By the late eighteenth century, scholars started to move beyond the simple description of objects to an increasing appreciation of the significance of fossil remains and the material traces of ancient human societies. This appreciation fell within the context of a host of new observations in the natural sciences, including many about the geological record and the age of the Earth. In 1797, an English country gentleman named John Frere published an account of stone tools he had found in a gravel quarry in Suffolk. Although brief, the description is tantalizing in terms of the changing attitude toward traces of the past. Fossilized bones of extinct animals and stone tools—actually Paleolithic hand axes—were found at a depth of more than twelve feet in a layer of soil that appeared undisturbed by more recent materials. Frere correctly surmised that the tools were “from a very remote period indeed, even beyond that of the present world” (Daniel 1981, 39). This was a recognition of prehistoric archaeology. The nineteenth century saw the first fossil finds of ancient human ancestors. They included the bones found in the Neander Valley of Germany in 1856, now recognized as an archaic human species, Homo sapiens neanderthalensis, or Neandertal man (see Chapter 5). Although this was a historic discovery, the significance of the fossils was not realized at the time. Interpretations were diverse. While some scholars correctly interpreted the finds as an early human ancestor, others variously dismissed the bones as those of a Cossack soldier, an elderly Dutchman, a powerfully built Celt, or a pathological idiot (Trinkaus and Shipman, 1993)! Information continued to accumulate, however, and by the end of the nineteenth century, the roots of modern archaeological and paleoanthropological study were well established. In this chapter, we examine the material record of the past and some of the techniques used by modern anthropologists to locate, recover, and date their discoveries. On one hand, this includes the bones and preserved remains used by paleoanthropologists to trace human origins. On the other hand, it deals with the material traces of human behavior that archaeologists focus on to interpret past cultures. In reality, the subdisciplines are often intertwined. Paleoanthropologists use excavation and surveying techniques similar to those used by archaeologists—or they rely on archaeologists—to locate and recover their finds. As will be discussed in Chapter 24, archaeological methods have also played an important role in forensic anthropology.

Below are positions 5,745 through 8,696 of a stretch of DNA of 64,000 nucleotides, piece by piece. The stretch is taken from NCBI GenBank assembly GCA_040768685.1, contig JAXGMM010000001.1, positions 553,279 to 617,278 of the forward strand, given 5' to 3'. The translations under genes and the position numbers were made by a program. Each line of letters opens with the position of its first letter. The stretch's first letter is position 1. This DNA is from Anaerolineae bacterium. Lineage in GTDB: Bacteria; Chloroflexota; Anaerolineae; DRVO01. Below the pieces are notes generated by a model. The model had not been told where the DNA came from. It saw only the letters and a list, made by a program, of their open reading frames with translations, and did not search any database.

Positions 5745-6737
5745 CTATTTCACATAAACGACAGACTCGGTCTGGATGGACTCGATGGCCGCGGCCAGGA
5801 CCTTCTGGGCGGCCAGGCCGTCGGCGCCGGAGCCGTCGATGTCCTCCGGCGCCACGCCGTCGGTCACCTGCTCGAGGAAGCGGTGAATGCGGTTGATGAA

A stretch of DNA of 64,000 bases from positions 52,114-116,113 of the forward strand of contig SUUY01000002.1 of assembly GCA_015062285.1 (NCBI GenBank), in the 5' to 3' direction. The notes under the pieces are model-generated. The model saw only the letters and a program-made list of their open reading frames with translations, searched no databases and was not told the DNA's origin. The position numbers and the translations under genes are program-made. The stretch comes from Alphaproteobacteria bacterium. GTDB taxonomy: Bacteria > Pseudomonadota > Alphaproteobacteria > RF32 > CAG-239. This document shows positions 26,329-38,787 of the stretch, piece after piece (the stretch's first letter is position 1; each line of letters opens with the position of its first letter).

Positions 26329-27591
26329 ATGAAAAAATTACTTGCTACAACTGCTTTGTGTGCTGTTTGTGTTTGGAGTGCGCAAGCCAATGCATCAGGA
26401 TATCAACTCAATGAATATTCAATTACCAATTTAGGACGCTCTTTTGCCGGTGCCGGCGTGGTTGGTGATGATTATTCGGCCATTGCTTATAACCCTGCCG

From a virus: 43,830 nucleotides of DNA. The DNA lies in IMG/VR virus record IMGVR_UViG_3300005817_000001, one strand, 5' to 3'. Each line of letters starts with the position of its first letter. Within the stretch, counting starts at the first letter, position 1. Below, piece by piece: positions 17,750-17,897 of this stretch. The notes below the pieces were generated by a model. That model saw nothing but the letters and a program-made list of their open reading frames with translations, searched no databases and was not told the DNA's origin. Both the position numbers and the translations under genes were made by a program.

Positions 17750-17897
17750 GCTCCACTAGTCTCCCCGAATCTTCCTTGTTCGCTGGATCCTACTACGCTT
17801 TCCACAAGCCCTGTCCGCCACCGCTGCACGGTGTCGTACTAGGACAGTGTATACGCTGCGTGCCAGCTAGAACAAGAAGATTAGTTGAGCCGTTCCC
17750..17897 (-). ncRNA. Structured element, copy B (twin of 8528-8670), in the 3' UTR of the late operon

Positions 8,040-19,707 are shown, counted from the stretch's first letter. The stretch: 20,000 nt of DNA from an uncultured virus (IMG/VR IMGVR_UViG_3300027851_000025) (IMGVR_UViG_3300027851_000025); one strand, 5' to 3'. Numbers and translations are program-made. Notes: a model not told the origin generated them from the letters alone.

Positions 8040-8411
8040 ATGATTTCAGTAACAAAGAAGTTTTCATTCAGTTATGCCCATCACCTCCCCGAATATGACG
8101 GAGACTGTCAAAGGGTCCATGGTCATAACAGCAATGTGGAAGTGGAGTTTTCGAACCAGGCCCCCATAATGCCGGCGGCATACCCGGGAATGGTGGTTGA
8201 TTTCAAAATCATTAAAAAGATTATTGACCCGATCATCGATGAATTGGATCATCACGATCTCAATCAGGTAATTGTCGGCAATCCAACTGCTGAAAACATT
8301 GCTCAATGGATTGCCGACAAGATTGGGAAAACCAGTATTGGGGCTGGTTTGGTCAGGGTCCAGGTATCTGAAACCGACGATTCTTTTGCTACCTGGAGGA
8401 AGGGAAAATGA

This book provides an overview of the techniques used by paleoanthropologists and archaeologists in their research. It also deals with some of the major questions that have been addressed by anthropologists, including the evolution of the human species, the human settlement of the world, the origins of agriculture, and the rise of complex societies and the state. In reading these discussions, it is important to remember that interpretations are constantly being revised. New fossils are constantly being uncovered and new archaeological sites explored. Improved methods and analytical techniques also modify the amount and kind of information available to researchers. Each discovery adds to the amount of information available to interpret the past—and to evaluate and revise existing interpretations.